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I am trying to understand, how can I calculate the refresh time of DRAM, if I consider that as my memory requirement, that I need is 32 DRAM chip of 1M * 1bit each to get 4MB Memory capacity. Each DRAM chip has 1k rows, and each row has 1k cells. If I consider each refresh cycle takes 100ns. So basically I have confusion in two approaches:

(I) Considering Refresh time as per each Chip: So, as we know DRAM refreshes single row at a time, each row has 1k cells, in total DRAM chip has 1k * 1K cells, as each row refreshes in 100 ns, I consider it as 1k*100ns. finally as we need 32 such chips so final refreshing time will be 32 * 100 * 1k(2^10).

(II) Another way i look to this problem is, If all chip are connected in series, that means all 32 chips, its row are in line, so that means total refresh time will be equal to that of only one chip refresh time. i.e. 100ns * 1k(2^10).

So, which scenario is considered to be standard one?

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  • \$\begingroup\$ Please provide a link to the manufacturer's datasheet for the DRAM in question. \$\endgroup\$ May 18, 2022 at 15:06
  • \$\begingroup\$ You can refresh multiple chips in parallel. I have no idea what you mean by connecting them in series. \$\endgroup\$
    – user16324
    May 18, 2022 at 15:50
  • \$\begingroup\$ Hi @user_1818839 actually the question arises, how to arrange these 32 chips as there can be many possible arrangements. There is a logical arrangement provided in the problem statement itself as “1M x 1 bit chip”. This indicates that to make a “1M x 32 bits” MM, we need to arrange all 32 chips in a line. It is to be noted that a row in all chips in series can be refreshed in one refresh cycle. From this statement i am confused, is this arrangement of chip valid? \$\endgroup\$
    – Niraj Jain
    May 19, 2022 at 2:45
  • \$\begingroup\$ Still no idea what exactly you mean with series DRAM, OP, but whatever it is, since refresh rate is just a software thing (if you wire everything correctly), you can try various ways and see what happens, just write some 0x01 0x02...0xFF 0x01 0x02 0x03... into memory and read it back after some time. After all, this refresh period is just a number in software. If you try it, make sure you share your findings with us. \$\endgroup\$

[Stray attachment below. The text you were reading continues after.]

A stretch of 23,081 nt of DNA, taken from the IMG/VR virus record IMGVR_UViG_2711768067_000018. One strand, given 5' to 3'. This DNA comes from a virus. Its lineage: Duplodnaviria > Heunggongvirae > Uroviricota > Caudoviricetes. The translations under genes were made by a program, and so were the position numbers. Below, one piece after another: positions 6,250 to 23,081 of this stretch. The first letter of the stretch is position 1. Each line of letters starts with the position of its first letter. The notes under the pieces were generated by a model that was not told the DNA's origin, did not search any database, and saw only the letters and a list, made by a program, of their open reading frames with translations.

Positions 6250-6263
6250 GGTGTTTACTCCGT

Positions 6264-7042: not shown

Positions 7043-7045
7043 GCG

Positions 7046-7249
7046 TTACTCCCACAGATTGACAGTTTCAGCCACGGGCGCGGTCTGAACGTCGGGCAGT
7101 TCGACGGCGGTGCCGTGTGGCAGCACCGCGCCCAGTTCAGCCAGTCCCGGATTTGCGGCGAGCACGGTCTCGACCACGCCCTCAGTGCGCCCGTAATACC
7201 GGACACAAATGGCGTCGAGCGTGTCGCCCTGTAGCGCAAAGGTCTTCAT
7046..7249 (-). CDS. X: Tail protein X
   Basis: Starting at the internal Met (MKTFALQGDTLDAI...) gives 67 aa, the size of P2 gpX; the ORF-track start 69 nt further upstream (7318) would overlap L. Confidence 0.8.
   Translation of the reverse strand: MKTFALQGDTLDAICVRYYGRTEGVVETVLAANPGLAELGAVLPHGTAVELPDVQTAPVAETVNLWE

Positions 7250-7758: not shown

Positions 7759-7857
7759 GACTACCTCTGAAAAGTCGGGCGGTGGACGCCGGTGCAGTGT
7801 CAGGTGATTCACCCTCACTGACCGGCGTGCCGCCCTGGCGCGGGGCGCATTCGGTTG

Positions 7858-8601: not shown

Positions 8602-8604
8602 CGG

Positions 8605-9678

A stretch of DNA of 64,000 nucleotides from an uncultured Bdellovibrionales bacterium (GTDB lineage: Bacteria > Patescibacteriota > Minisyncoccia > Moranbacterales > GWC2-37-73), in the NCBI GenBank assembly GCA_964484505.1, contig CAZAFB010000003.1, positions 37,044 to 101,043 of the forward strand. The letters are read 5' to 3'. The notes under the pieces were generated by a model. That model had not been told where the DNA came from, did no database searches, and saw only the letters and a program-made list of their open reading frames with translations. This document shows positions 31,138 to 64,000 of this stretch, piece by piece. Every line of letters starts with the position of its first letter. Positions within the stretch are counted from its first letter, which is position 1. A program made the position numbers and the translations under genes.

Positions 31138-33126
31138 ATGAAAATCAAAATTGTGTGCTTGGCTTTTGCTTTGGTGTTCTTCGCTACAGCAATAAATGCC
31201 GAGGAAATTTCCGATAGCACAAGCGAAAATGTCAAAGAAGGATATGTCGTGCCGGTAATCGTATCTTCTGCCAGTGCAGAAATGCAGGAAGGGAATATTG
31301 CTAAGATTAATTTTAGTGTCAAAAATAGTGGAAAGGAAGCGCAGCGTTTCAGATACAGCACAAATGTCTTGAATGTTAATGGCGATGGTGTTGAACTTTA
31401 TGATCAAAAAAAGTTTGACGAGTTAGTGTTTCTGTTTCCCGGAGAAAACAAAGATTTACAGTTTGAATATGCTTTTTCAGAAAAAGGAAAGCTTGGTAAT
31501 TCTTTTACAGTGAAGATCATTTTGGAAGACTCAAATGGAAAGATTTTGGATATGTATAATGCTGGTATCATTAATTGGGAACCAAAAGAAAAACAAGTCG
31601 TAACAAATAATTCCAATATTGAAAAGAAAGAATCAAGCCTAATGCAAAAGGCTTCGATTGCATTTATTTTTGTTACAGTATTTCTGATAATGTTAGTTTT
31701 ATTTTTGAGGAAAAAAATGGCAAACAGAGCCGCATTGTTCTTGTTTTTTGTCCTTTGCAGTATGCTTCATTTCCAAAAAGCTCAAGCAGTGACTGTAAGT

– Ilya
    May 19, 2022 at 8:06
  • \$\begingroup\$ In a comment you are describing all 32 devices in parallel. Series would mean one chip was feeding the next which makes no sense. So refresh them in parallel, and control the refresh timing parameters as per the datasheet. \$\endgroup\$
    – user16324
    May 19, 2022 at 9:33

1 Answer 1

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There are two extreme ways to use those 32 DRAM chips. (Actually there are 6 ways, but let's take a look only those extreme cases.)

  1. Place 32 chips in parallel. In other words, the whole architecture looks like 1M x 32bits. You write and read minimum 32b data. In this case, a refresh command is applied to all those 32 chips simultaneously. Assuming that a cell needs to be refreshed every 10ms for simplicity (actually this is 32ms, 64ms or 128ms), you have to refresh each row once every 10ms. As the whole architecture looks like 1K rows X 32Kb/row, you have to issue 1K refresh commands every 10ms. This locks up the memory for 100ns X 1K = 100us, so the refresh penalty is 1% (100us / 10ms).

  2. Dot (short) the data bit of 32 chips altogether. If you draw this configuration, it will look like all those 32 chips are placed vertically (in contrast to 'horizontally' in the case-1). At least chip selects or some ID bits should be separate for all those 32 chips, because all those DRAM chips will be accessed sequentially. I guess this may be why you described it as 'in series'. Anyway, the whole architecture looks like 32M x 1bit. You write and read 1b at a time. In this case, a refresh command is applied to only 1 chip at a time. Again assuming that a cell needs to be refreshed every 10ms for simplicity, you have to refresh each row once every 10ms. As the whole architecture looks like 32K rows X 1Kb/row, you have to issue 32K refresh commands every 10ms. However, while one chip is refreshing, you could still access other 31 chips. So the lock up time due to refresh may be hidden, but on average still 1/32 of chip is not accessible, so the total effective lock up time is 32K X 100ns X 1/32 = 100us (same to the case-1!).

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